The Bs 8mm films were full of downtown obsessions: terror politics, torture, sexual domination and submission, and punk rock music. The brief length of these films allows them to effectively assault the viewer in a hit-and-run, belt-in-the-gut manner. They would cast musicians and other popular downtown personalities in their films. The Bs cleverly used the scene's social energy with weekly film shoots that were quickly edited and then screened as film serial episodes at music clubs such as the Mudd Club and Max's Kansas City. These films are at once contemplative and confrontational, penetrating and politically loaded. Films like this are virtually impossible to criticize because they glory in carefully DIY style of simulated amateurism.[8]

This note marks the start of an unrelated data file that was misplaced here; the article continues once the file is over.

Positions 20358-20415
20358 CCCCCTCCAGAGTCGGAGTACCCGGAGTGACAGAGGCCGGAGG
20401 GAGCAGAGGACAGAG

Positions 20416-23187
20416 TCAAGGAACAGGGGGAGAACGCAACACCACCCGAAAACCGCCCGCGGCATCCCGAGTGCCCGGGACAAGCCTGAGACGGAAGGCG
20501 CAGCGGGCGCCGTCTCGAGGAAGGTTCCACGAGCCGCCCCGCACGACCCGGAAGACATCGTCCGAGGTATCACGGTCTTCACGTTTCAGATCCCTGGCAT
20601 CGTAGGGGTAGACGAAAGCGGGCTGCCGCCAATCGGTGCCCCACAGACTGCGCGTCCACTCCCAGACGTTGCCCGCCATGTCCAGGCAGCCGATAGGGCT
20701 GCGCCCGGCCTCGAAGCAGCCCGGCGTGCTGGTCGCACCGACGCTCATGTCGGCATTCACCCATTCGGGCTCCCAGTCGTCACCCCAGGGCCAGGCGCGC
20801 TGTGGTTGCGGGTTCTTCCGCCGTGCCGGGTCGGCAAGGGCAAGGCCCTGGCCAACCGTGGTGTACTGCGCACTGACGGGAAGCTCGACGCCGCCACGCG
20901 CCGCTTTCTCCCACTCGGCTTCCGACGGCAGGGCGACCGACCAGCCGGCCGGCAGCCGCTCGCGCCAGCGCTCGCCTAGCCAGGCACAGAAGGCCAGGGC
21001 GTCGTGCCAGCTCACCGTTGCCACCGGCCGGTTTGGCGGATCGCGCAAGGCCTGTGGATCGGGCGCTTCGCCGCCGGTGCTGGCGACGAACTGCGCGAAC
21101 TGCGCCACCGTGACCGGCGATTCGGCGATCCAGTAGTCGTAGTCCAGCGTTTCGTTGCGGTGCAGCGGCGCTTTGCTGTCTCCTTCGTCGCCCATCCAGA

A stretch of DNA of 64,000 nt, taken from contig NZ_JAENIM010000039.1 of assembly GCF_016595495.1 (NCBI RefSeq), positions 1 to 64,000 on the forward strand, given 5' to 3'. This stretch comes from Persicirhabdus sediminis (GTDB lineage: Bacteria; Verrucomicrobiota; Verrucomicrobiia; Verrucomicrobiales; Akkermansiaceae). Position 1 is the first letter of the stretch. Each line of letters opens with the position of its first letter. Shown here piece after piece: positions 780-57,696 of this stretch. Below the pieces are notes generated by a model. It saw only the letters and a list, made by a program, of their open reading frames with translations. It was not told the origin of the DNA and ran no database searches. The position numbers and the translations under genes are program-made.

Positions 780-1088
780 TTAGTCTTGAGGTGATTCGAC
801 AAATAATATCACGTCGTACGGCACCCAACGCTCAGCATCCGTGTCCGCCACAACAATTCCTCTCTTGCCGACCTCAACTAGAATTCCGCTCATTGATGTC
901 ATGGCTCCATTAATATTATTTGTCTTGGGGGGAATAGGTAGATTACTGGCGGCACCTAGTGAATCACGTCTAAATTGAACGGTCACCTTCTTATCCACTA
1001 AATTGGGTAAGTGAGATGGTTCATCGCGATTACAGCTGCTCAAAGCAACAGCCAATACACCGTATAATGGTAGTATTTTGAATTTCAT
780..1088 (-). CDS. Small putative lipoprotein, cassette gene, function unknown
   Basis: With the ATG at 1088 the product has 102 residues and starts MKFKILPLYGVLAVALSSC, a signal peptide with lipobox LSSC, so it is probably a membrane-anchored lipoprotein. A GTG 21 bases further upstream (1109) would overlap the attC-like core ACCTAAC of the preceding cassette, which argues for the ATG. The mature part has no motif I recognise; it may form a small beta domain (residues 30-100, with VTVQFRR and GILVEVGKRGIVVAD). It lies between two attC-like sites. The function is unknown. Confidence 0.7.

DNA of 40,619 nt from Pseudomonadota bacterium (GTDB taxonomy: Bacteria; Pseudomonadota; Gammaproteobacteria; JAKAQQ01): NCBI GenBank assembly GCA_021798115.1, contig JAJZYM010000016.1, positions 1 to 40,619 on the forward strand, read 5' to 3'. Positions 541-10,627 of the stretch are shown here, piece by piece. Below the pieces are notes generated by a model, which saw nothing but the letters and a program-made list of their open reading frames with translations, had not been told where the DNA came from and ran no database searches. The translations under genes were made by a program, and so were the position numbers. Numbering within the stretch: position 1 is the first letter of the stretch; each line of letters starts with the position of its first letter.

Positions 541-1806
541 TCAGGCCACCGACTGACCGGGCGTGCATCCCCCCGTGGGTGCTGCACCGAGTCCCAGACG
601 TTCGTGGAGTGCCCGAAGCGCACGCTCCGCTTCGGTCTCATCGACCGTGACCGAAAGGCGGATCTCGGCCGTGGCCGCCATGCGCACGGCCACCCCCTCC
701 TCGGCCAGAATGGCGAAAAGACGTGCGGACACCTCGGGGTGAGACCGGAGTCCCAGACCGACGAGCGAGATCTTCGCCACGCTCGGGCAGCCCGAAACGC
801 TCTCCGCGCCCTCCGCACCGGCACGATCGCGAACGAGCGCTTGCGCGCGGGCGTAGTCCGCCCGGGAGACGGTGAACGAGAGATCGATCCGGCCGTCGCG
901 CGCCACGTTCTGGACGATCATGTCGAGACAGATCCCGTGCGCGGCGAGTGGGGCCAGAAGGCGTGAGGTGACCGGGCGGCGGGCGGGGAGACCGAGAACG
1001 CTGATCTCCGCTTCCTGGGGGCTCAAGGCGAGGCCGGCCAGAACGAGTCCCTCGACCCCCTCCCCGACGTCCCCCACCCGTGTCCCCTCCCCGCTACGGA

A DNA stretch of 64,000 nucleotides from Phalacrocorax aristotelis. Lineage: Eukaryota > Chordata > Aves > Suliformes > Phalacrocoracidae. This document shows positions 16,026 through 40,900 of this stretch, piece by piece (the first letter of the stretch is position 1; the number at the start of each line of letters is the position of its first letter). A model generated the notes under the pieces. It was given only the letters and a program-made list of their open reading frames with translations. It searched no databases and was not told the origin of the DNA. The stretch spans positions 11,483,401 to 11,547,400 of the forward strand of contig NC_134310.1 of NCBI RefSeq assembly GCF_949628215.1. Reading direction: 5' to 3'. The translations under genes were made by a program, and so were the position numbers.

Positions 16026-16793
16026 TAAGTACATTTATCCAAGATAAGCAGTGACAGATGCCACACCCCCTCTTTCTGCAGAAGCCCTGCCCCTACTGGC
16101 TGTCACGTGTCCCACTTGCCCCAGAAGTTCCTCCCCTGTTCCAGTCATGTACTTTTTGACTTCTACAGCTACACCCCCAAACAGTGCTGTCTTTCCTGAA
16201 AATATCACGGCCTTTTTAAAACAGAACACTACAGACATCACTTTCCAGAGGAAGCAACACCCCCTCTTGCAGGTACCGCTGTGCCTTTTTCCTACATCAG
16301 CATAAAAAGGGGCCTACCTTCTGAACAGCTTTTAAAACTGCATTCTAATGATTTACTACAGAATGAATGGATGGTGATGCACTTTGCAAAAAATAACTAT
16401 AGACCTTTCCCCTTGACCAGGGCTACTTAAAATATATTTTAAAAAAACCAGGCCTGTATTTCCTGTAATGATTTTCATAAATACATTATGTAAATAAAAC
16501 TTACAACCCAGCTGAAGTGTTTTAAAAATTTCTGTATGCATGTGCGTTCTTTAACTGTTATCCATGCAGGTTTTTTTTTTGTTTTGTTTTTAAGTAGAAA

In G-Man, Scott B and Beth B attack society's power structures as they depict a cop who feels compelled to employ a dominatrix. No Wave Cinema maker and artist James Nares appears in it, among others. It developed out of the short video NYPD Arson and Explosions vs. FALN that was part of the Colab project of weekly aired television programs on cable called All Color News.[9] G-Man stars Bill Rice as Max Karl, a NYPD agent who hangs out with a jaded dominatrix. Scenes of sexual abuse are intercut with TV news footage (filmed directly from the television) of bombs being planted and planes blowing up.